Music is History

Music is History – Another Questlove Book Drop

The Roots’ Questlove’s new book, Music is History spans 50 years and examines the soundtrack of his life, one song per chapter, at a time.

The Roots’ Questlove has probably edited and prepared more documentary films (his 2021 debut, Summer of Soul on Hulu, readying an upcoming flick on the funky music and troubled life of Sly Stewart from Sly and the Family Stone) and written work (his last one was 2018’s Creative Quest) than he has recorded music in the last five years (2014’s …And Then You Shoot Your Cousin is his band’s last album). 

Yet, music making, or at least listening, is never far from his thoughts, and with that comes his sixth written work (and a swanky audio version that Quest promises sounds dynamic and features a rocking self-made soundtrack of which you could just read about in the chapter-by-chapter playlists), Music is History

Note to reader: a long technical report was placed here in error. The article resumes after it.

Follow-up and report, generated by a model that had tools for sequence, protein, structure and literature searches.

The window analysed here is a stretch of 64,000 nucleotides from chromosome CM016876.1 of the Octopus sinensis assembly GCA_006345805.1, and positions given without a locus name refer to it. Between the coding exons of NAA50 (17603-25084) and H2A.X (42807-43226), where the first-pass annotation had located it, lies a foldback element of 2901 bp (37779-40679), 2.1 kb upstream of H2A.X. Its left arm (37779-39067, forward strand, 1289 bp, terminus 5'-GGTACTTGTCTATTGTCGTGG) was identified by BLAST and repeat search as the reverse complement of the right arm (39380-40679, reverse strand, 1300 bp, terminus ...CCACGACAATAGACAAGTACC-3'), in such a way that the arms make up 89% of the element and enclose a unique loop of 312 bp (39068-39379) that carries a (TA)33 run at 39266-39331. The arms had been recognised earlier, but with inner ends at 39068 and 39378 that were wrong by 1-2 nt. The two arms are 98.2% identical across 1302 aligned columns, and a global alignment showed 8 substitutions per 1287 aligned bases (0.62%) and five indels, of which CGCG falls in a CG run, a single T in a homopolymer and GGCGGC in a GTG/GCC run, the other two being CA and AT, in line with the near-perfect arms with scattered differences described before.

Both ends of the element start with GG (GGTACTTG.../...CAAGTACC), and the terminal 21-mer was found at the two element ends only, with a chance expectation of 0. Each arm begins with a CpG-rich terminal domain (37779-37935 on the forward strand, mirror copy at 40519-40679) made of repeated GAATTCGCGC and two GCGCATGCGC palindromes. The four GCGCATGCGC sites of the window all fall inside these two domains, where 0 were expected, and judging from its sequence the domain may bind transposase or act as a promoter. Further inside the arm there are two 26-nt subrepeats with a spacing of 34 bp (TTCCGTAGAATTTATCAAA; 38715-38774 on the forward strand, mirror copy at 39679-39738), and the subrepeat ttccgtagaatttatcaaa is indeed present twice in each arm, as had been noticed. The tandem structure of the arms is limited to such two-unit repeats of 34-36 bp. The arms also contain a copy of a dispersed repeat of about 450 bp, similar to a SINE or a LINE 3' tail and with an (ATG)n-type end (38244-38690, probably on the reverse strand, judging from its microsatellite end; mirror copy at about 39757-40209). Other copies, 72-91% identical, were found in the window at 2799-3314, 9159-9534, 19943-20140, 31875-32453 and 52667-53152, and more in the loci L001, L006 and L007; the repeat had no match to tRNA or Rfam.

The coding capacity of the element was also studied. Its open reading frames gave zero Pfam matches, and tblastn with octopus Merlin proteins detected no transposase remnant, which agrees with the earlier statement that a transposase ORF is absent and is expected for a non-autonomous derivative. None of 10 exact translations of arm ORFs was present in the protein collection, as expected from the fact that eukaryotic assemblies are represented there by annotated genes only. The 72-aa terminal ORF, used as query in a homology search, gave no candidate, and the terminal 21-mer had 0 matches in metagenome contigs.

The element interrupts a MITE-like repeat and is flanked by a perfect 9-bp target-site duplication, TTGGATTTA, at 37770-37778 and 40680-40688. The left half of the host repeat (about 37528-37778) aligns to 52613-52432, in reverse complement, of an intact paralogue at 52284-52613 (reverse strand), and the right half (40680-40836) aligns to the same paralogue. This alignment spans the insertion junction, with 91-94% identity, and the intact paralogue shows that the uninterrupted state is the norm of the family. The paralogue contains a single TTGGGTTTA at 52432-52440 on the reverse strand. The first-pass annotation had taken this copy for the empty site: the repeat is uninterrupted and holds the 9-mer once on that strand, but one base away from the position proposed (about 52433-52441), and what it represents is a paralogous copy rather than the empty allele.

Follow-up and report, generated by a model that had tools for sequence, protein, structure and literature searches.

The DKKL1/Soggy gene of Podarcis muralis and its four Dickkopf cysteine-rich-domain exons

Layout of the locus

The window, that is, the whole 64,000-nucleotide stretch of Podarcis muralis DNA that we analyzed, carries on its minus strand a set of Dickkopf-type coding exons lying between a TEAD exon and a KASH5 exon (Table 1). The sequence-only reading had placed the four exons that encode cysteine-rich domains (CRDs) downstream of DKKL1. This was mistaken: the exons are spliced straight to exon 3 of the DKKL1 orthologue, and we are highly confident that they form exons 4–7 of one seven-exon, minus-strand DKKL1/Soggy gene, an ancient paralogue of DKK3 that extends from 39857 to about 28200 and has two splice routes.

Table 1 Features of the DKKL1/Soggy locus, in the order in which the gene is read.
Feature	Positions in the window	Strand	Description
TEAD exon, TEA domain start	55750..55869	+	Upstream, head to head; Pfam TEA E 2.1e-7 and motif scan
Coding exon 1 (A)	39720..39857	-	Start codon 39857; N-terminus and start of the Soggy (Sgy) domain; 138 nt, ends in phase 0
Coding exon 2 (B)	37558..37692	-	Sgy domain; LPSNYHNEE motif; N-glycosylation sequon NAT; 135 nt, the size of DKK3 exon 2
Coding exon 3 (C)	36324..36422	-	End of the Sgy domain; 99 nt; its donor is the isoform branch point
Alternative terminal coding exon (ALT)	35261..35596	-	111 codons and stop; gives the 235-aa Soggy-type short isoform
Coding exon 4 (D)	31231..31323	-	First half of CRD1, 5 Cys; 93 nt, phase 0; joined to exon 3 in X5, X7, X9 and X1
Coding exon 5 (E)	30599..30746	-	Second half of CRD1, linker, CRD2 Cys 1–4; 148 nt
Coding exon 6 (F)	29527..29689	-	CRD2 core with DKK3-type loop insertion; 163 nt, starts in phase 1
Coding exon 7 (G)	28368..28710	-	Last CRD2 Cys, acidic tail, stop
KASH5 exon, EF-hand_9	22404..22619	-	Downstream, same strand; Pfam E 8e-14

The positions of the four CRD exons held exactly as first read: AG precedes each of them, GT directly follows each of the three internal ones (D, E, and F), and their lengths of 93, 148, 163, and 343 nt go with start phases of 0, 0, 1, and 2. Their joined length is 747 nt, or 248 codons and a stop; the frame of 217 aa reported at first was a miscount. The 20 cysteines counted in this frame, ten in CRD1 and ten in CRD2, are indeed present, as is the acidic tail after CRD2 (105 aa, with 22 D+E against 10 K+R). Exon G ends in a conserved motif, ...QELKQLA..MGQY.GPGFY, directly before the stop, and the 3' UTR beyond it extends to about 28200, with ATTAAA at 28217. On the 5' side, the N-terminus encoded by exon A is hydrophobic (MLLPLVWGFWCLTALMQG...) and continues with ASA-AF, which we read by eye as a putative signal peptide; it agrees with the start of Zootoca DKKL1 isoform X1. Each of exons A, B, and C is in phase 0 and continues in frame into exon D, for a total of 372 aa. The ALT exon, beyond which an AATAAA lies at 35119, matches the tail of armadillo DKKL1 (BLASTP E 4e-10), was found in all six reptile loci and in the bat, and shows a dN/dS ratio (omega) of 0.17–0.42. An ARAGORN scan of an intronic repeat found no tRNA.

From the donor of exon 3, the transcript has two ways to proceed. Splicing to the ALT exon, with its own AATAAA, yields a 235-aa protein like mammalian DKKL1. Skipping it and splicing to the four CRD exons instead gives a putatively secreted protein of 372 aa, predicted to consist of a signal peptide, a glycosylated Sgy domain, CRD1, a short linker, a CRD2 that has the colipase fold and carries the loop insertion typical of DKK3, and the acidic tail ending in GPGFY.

The new History book dropped on Friday, and is based around the 50 years of his existence so far, and how – in that same, five decades’ time – the American songs from each year reflected that which was going on around him in the world, as well as how each tune affected him, or impacted his life as a man, musician and as a citizen of the world. Weighing heavily on music mainly from the years of 1971 – 2001, large portions of the book touches on the era of Blaxpolitation and how the prevalence of disco was an insult to Black Genius and musicianship and uses James Brown’s “The Original Disco Man,” as both horrible proof and tribute.

Music is History

It’s a one song per chapter and year verse for Music is History, with the best example being something he told Terry Gross at Philly WHYY studios on October 12: 1988’s Public Enemy’s “Rebel Without a Pause” – a song so emotionally, antically and socially charged that he quit his job in West Philly at the time. It’s a great listen, check that…

Beyond Chuck D and Flava Flav, Questlove and Gross talked about Tony Williams’ “There Comes A Time,” recorded in 1971, the year Questlove was born, as well as the holy chapter of Blaxpolitative totems “Shaft” (by Isaac Hayes) “Super Fly” and “Freddie’s Dead” (by Curtis Mayfield) and “Across 110th Street” (from Bobby Womack) to portray the opposing poles of Black sexuality, strength and pain.

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